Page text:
Cottonwood Range and Livestock Field Station an SDSU data source for 106 years
for SDSU’s College of Ag & Biological Science
The year was 1907 and agricultural leaders in South Dakota recognized that conducting research on the soils, crops and rangelands of South Dakota would be important to helping the state’s future progress. With much of the research at that time focused on the areas near the SDSU campus in Brookings, they looked west to the heart of South Dakota’s rangeland. The Agricultural Experiment Station at SDSU established the Cottonwood Range and Livestock Field Research Station near Philip, S.D. – and 106 years later, SDSU scientists are still conducting studies to benefit South Dakota agriculture.
Located along U.S. Hwy. 14 approximately 11 miles west of the town of Philip – and more than 300 miles from the campus in Brookings – the station initially included 640 acres and research focused on crops and soils. In 1940, 2,000 acres of federal land were added and research was expanded to include grazing and nutrition studies.
In 1942, a long-term grazing study was initiated at the Cottonwood Station to evaluate the impact of range condition on range ecosystem dynamics and livestock production. This ongoing study provides a rare opportunity to examine the responses of mixed-grass prairie ecosystems to a wide array of climatic conditions and grazing systems, and has resulted in scientific papers that challenge several long-held range paradigms.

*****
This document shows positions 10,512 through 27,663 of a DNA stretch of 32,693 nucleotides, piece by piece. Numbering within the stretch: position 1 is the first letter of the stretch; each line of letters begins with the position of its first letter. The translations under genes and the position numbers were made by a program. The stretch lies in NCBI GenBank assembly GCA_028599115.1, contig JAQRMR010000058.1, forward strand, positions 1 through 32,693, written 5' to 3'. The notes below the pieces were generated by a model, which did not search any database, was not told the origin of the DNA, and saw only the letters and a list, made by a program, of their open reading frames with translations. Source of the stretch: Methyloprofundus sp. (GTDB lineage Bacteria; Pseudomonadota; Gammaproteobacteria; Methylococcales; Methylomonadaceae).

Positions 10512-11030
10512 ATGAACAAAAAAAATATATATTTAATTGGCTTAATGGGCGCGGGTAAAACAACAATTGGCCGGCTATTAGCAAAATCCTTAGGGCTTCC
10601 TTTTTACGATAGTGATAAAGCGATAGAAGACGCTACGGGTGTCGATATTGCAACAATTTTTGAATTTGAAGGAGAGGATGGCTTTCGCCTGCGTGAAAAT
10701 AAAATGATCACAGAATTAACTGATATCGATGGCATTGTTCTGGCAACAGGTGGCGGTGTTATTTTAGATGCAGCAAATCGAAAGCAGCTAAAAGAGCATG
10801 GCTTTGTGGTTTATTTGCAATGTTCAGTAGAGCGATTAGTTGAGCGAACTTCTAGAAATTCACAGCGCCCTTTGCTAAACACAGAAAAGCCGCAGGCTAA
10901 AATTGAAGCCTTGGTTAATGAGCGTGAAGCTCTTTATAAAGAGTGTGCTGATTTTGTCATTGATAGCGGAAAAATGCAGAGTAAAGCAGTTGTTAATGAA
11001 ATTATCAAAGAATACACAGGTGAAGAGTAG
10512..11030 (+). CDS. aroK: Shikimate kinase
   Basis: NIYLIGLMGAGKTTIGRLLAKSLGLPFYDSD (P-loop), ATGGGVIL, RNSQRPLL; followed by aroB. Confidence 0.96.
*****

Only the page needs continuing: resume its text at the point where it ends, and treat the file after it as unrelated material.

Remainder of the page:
SDSU rangeland management professor and extension specialist Roger Gates explains the value of having several decades of research information: “The long term stocking rate studies at Cottonwood are extremely important scientifically because only a few locations nationwide have maintained studies for so many years. This research forms the foundation for scientific understanding of vegetation dynamics and response to grazing in the Northern Plains. Current Ecological Site Descriptions, which are used to guide management, are derived directly from Cottonwood research for clayey ecological sites, one of the most widespread in western South Dakota.”
He adds, “The same long term studies have more recently been used to understand relationships of vegetation production to climatic variation and the relationships of financial returns to stocking decisions. Commitment to maintaining long term research has provided a very important resource to help ranchers and their advisors make rational management decisions.”
SDSU extension beef specialist Ken Olson adds, “Most research is short-term, meaning the experiment is conducted for three years at the most. However, responses in agricultural systems are typically slow and dynamic, and in the rare long-term studies in existence – like what we are able to do at Cottonwood, we often find that the long-term conclusions change dramatically from those drawn in the early years.”
SDSU range science professor Sandy Smart has completed research with analysis from the historic data sets and that information provided insight into the ability to predict forage production from weather variables. Smart also analyzed Cottonwood data along with other long-term data sets from several states in the Great Plains to gain a better understanding of harvest efficiency under different stocking rates.
Presently, Smart is working on measuring annual root production to help develop models to predict runoff, sediment yield, nitrogen and phosphorus from rangelands.
As a result of this long-term research, SDSU scientists and South Dakota livestock producers readily agree that the research conducted at the Cottonwood Field Station has been instrumental in developing and refining proper grazing management on western South Dakota rangelands.